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Howell 'murder trail' suggestion repellent

Editor's viewpoint

Published 09/06/2016

Colin Howell
Colin Howell

The former mayor of Coleraine Sam Cole will have surprised - and indeed shocked - many people by suggesting the council should help to fund a tourism "murder trail" on the north coast.

This would be based on the grisly story of Hazel Stewart and Colin Howell, which attracted a wide national audience during the recent ITV series, appropriately titled The Secret.

Clearly Mr Cole seems to see this as a tourism initiative and an opportunity to capitalise commercially on the TV drama in the hope that this would bring in hordes of visitors to the scenes of the crimes.

This may have seemed a good idea to Mr Cole, but the detailed implications of this misguided suggestion hardly bear thinking about, even in this age where sometimes it seems that "anything goes".

Of course, there will always be a dark side to human nature, where people might wish to see the places where such dastardly actions were carried out.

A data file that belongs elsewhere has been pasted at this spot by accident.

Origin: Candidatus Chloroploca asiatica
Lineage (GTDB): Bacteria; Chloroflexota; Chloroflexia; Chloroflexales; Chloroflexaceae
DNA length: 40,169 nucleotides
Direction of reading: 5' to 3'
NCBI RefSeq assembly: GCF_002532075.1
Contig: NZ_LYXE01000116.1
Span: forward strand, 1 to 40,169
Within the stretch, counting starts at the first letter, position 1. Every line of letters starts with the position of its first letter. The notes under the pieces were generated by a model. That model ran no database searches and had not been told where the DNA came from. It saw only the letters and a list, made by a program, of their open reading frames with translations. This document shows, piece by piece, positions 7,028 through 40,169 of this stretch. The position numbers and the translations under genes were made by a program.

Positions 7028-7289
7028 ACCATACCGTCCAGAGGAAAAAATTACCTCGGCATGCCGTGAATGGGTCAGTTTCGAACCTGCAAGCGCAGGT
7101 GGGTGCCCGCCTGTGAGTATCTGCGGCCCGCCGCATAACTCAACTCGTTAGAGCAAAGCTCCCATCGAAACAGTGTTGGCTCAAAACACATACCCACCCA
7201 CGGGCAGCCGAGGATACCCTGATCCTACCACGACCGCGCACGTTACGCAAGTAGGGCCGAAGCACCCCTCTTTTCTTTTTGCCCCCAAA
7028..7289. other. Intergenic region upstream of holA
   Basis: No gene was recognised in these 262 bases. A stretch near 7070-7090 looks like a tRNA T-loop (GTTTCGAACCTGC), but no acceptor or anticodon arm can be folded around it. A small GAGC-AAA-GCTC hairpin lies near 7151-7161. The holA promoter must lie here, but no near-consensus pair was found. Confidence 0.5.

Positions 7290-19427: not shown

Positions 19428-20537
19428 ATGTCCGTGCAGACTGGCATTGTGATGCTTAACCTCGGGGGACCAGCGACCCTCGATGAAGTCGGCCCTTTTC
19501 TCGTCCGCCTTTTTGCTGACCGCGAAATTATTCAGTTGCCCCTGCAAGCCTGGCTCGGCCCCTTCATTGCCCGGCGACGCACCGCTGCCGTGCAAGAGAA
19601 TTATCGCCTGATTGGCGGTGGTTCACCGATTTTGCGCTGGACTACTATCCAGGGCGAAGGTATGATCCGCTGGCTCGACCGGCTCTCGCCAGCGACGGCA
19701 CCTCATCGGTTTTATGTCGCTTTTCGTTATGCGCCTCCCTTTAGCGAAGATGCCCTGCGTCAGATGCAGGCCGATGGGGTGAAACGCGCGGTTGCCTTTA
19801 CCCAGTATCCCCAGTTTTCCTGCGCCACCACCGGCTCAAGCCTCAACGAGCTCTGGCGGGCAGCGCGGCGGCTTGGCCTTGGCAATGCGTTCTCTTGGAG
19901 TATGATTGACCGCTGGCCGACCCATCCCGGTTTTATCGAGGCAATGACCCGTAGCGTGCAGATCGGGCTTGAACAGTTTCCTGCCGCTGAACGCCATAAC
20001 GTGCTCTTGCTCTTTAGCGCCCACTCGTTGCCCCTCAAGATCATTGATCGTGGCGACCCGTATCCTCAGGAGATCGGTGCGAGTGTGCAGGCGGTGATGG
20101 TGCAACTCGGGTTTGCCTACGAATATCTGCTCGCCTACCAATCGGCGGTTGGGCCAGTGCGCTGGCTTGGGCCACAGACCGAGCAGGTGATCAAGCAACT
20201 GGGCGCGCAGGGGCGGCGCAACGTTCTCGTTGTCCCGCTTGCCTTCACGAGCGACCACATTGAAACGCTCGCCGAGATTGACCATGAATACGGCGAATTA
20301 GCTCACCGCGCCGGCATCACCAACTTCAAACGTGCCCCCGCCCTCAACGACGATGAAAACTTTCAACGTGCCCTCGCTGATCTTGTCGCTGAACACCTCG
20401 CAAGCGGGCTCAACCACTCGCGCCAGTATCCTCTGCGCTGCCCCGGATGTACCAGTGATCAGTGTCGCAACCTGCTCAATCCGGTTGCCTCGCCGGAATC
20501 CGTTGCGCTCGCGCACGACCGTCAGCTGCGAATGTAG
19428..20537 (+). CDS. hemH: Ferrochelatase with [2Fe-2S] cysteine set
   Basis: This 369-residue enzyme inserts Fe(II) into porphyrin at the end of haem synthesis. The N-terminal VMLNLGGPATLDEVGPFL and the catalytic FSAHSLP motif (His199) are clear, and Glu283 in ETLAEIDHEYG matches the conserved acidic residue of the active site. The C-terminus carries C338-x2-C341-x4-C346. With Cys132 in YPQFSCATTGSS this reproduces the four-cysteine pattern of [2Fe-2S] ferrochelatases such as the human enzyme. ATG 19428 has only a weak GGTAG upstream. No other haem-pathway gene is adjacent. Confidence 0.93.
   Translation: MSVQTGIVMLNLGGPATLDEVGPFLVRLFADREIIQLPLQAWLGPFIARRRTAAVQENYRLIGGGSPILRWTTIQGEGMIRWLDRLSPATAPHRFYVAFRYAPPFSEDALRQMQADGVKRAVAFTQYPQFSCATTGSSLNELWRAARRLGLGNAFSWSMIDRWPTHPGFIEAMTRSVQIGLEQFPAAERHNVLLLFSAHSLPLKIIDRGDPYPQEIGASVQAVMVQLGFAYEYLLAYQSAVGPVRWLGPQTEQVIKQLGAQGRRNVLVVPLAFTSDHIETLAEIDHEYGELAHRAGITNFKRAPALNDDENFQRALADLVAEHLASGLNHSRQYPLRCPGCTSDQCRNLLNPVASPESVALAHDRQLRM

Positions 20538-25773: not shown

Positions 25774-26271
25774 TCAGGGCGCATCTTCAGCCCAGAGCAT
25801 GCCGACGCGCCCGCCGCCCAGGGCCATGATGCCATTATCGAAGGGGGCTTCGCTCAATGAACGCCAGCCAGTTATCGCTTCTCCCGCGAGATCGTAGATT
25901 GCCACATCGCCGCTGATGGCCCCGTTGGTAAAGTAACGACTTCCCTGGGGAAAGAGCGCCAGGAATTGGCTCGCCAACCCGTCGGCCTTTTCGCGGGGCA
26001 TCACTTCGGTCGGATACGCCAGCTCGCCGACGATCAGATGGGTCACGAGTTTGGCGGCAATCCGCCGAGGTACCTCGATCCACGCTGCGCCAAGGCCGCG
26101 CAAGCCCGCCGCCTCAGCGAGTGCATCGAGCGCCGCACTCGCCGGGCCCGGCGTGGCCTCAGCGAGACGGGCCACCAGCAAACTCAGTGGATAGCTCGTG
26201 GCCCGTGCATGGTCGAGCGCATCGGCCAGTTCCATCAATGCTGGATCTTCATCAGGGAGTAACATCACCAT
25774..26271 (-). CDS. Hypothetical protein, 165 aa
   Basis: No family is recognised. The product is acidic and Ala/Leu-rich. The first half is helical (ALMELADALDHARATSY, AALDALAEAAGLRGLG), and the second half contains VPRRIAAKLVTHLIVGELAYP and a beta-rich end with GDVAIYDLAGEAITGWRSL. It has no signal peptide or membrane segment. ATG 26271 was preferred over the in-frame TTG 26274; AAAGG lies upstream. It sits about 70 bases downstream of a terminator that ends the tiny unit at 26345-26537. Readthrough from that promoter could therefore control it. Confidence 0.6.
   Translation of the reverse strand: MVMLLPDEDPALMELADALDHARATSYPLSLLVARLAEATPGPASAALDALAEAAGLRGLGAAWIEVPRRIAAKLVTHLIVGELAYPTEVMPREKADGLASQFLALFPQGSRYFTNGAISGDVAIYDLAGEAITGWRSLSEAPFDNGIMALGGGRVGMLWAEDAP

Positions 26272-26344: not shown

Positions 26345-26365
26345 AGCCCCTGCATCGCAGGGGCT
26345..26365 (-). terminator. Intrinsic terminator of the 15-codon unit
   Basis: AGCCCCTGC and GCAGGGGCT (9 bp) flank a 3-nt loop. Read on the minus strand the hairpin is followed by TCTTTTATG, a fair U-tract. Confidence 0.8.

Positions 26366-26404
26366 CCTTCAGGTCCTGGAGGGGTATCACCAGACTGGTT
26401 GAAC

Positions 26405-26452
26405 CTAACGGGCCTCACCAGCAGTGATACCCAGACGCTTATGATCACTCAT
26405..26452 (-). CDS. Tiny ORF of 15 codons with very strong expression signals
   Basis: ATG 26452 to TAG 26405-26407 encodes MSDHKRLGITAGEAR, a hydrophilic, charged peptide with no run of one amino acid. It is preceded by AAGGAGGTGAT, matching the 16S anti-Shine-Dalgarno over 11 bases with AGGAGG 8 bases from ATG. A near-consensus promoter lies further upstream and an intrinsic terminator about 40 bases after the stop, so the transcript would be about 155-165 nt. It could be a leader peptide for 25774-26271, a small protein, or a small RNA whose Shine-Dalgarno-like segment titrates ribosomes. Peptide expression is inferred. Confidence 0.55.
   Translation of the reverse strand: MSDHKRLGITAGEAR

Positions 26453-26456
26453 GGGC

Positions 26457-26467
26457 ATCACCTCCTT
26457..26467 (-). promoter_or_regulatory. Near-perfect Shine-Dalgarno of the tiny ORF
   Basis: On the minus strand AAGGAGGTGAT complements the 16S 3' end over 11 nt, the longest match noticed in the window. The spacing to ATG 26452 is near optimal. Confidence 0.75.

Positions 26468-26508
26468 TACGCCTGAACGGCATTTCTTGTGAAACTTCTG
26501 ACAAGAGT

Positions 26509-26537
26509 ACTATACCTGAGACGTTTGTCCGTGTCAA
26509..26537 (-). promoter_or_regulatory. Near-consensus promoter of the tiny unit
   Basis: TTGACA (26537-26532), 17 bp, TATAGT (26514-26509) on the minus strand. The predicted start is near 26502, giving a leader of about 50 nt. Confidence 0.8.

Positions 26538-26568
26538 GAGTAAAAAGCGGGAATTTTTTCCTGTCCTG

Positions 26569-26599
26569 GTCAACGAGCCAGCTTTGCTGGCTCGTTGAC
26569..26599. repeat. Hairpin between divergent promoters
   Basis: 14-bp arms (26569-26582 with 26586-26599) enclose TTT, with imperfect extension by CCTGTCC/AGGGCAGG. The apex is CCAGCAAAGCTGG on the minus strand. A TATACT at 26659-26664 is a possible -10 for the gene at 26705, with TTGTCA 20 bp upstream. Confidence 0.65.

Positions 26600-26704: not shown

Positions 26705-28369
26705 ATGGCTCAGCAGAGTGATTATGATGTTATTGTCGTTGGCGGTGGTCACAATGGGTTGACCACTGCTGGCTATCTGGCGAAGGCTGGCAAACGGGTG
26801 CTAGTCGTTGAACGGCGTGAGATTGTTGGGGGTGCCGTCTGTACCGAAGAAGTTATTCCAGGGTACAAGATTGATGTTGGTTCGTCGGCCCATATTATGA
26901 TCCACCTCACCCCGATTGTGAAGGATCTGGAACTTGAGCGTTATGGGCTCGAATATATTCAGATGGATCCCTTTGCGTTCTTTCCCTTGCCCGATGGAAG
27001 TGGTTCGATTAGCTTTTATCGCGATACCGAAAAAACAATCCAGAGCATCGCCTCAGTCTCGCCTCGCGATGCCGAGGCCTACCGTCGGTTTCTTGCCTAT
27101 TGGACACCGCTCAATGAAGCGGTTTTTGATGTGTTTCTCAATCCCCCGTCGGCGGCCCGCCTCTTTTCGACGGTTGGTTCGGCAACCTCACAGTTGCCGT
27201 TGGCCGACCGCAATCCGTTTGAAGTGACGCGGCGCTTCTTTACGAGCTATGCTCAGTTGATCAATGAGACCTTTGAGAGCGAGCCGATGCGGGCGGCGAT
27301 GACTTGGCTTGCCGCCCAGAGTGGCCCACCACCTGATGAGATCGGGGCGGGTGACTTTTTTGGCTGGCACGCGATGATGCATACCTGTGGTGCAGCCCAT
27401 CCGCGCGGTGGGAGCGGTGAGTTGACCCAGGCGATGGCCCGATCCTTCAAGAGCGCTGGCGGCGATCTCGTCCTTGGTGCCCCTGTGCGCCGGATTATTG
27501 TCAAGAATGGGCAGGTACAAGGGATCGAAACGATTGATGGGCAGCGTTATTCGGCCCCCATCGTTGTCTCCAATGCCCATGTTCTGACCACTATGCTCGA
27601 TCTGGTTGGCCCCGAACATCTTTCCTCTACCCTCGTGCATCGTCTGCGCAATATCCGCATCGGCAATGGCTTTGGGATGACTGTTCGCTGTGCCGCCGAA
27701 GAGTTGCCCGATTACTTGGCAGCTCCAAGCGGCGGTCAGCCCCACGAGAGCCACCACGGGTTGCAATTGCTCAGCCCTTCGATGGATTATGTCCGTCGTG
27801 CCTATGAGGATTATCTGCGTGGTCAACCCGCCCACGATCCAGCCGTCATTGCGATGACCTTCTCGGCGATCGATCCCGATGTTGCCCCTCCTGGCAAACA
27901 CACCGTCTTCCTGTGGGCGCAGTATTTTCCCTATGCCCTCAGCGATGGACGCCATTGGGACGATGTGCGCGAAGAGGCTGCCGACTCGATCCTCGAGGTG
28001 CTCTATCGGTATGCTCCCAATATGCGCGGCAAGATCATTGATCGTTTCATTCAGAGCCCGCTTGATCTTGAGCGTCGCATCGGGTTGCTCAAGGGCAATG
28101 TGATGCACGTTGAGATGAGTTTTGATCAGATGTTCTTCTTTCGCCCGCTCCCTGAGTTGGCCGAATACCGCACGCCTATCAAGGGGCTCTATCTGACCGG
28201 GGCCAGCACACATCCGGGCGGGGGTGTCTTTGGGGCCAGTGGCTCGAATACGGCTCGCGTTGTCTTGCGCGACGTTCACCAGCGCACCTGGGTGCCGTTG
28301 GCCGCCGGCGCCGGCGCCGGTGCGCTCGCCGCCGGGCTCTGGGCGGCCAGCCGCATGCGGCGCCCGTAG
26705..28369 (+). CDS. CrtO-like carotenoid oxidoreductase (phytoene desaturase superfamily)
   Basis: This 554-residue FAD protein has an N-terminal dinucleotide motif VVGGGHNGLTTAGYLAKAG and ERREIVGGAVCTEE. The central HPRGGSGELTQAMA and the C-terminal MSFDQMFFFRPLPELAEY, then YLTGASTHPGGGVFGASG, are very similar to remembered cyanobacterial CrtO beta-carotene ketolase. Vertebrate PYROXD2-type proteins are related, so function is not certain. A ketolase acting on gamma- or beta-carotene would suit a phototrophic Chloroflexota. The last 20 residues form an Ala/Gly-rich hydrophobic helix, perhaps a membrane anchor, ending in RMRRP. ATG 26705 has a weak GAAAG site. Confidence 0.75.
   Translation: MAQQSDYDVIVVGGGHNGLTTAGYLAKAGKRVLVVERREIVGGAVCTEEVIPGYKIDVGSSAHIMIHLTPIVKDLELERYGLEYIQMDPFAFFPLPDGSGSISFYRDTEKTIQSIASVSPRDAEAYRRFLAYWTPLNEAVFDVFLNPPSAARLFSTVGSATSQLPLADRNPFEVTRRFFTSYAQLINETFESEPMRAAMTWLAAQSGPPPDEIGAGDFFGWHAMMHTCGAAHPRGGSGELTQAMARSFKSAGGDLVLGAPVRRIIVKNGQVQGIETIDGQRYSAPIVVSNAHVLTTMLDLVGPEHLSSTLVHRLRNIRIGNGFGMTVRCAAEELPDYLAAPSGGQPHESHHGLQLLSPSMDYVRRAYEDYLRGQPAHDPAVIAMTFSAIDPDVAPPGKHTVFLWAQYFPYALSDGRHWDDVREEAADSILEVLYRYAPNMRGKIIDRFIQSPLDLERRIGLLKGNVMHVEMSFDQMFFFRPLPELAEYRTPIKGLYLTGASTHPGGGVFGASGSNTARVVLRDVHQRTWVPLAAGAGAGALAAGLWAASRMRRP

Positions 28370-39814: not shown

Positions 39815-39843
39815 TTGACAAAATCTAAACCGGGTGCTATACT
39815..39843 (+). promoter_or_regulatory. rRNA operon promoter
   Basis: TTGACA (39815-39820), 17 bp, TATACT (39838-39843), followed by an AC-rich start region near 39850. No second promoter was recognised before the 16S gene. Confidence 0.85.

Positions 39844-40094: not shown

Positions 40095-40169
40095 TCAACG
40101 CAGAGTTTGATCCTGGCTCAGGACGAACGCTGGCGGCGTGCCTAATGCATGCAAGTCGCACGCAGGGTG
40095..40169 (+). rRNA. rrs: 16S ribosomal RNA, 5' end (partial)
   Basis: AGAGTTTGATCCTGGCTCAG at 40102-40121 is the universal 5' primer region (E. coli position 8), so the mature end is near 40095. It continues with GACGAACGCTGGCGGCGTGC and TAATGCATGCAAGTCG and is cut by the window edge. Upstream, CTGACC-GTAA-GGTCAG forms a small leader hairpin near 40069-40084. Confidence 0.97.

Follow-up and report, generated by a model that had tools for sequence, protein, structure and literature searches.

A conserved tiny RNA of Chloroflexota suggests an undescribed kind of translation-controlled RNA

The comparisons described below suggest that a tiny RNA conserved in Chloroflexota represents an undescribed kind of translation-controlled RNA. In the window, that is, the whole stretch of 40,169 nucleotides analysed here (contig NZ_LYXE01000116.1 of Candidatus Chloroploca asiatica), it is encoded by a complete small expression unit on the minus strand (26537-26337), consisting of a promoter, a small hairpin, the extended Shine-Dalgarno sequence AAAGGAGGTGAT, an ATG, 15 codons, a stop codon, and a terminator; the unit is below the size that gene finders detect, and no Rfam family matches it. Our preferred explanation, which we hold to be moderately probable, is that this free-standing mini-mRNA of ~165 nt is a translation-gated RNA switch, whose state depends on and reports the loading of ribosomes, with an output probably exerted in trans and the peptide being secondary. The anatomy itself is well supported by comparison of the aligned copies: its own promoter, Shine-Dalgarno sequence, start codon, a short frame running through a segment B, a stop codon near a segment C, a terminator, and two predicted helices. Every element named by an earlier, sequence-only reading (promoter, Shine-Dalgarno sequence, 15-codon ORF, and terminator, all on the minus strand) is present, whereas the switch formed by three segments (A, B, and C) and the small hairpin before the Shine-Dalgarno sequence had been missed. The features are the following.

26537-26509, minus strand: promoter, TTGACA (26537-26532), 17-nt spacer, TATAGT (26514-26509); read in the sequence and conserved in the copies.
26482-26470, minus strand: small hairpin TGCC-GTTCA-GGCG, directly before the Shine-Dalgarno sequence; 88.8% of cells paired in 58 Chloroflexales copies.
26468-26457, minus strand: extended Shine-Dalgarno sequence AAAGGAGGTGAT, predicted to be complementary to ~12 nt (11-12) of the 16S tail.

Dark deeds have their own kinds of fascination.

There is much in the Stewart-Howell story to impress those who want to be titillated by pure evil.

This particulsar story has violence and kinky sex, murder, lies, sick religion and cover-ups, with the dark secret being laid bare some two decades later.

No doubt many people have already come to stand and stare at the 12 Apostles Cottages in Castlerock, where the dreadful deeds took place.

They will also have gazed at the nearby beach and the route which Howell passed through on his nefarious mission at the dead of night.

People might say that it is natural, if unsavoury, to look at these things.

Equally, it can be argued that there are many cases where the details of notorious events have been deliberately erased out of respect for the relatives, who are still suffering.

This is particularly true in the Stewart-Howell story, where the families of the murdered spouses Lesley and Trevor still feel the rawness of their murders, and the pain has not gone away.

Given such a background, the idea of a council making money and attracting tourists from such tragedy and evil is distinctly unattractive and inappropriate.

In the light of the dreadful events which took place in Castlerock, there is every reason for ratepayers' money in Coleraine being used for more edifying purposes.

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